Zimbabwe: Fidelity Urged to Offer Competitive Gold Prices

Photo: Denford Magora
Marange Diamond Fields in Zimbabwe.

FIDELITY Printers and Refineries, a gold buying unit of the central bank, needs to be recapitalised to enable it to offer competitive prices that would kill the black market, a new report by a resources watchdog has said.

In its latest report, the Centre for Natural Resource Governance (CNRG) said the Reserve Bank of Zimbabwe through Fidelity was unable to offer competitive prices for gold, thereby creating a thriving black market for the mineral.

"By capitalising this institution, the benefits of smuggling may be extinguished and most of the gold produced in Zimbabwe will be channelled through Fidelity Printers," CNRG said in a report, Illicit Financial Flows in Zimbabwe's Artisanal & Small-Scale Mining Sector.

"This should be done immediately as gold barons are likely to pounce on the newly legalised artisanal miners as soon as the formalisation programme is implemented."

The government is currently working on a plan to de-criminalise artisanal mining (makorokoza) to boost gold production.

The CNRG report was compiled after a visit to Kurland Block in Gweru.

It said the price offered by Fidelity was 76% of the global market price.

At the time that the research was conducted, CNRG observed that Fidelity was buying gold at US$32 per gram, while on the informal market a gram of gold would fetch US$39 in Kadoma and US$42 in Harare.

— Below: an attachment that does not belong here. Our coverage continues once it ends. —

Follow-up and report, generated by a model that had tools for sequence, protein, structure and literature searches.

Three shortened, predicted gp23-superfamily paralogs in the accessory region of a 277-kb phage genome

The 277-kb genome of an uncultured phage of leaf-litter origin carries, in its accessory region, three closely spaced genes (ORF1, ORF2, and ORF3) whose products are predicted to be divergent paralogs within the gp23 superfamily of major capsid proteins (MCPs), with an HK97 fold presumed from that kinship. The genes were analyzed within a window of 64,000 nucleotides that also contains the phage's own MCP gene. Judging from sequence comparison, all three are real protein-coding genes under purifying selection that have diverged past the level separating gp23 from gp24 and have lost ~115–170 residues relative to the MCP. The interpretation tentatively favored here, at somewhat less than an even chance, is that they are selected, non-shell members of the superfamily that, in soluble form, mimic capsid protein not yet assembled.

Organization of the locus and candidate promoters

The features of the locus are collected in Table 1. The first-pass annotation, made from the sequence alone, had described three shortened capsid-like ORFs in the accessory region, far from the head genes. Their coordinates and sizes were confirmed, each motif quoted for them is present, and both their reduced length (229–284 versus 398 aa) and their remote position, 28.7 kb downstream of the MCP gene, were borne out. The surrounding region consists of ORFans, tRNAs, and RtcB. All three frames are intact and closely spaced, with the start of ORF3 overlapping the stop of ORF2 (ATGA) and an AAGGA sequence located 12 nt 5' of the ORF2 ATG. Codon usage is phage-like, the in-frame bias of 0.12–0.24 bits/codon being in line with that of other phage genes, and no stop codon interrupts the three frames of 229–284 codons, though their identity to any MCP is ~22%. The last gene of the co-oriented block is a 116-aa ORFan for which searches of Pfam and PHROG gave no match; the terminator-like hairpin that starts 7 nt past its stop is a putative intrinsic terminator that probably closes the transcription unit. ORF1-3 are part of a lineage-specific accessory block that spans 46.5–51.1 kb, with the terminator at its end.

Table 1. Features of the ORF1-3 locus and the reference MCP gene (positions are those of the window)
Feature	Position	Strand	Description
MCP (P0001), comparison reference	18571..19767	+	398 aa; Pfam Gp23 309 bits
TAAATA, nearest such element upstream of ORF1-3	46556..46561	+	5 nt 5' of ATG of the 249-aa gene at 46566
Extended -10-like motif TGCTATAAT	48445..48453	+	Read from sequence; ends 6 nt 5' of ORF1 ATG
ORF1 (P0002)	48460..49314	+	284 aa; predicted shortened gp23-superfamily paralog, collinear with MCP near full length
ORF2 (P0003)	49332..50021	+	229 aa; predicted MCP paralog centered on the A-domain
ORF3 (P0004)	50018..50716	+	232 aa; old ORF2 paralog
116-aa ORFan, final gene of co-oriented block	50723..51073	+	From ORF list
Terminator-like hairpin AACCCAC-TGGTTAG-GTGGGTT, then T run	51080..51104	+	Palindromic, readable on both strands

It observed that "runners" were buying the gold from the miners in Kurland Block at US$28 a gram.

"This is too low and encourages black market players to enter the market," CNRG said.

CNRG was founded by human rights activist Farai Maguwu who documented abuses in Marange diamond fields.

CNRG said black marketers in the gold industry "do not remit tax and smuggle the gold into neighbouring countries where it fetches a higher price".

"Some senior government officials are gold barons and they go on to sell their gold to the same buyers who purchase gold from Fidelity," the resources watchdog said.

Last year former Finance minister Tendai Biti said the recapitalisation of Fidelity Refineries required US$50 million to enable it to refine all the gold that was mined and produced in Zimbabwe before it was exported.

He said government was in talks with regional financiers and was prepared to surrender equity as part of the recapitalisation.

"We require an amount of about US$50 million to recapitalise Fidelity Refineries so that all gold that is mined and produced in Zimbabwe is refined at Fidelity before it is exported," Biti said.

Smuggling of minerals is rife in the country, attributed to low prices thereby denying the country the much-needed revenue through taxation.

According to the Minerals Marketing Corporation of Zimbabwe, the smuggling of gold is costing the country over US$50 million per month.

A recent report by the African Development Bank showed that at least US$12 billion had been allegedly spirited out of the country in the last three decades through illicit financial flows ranging from secret financial deals, tax avoidance and illegal commercial activities.

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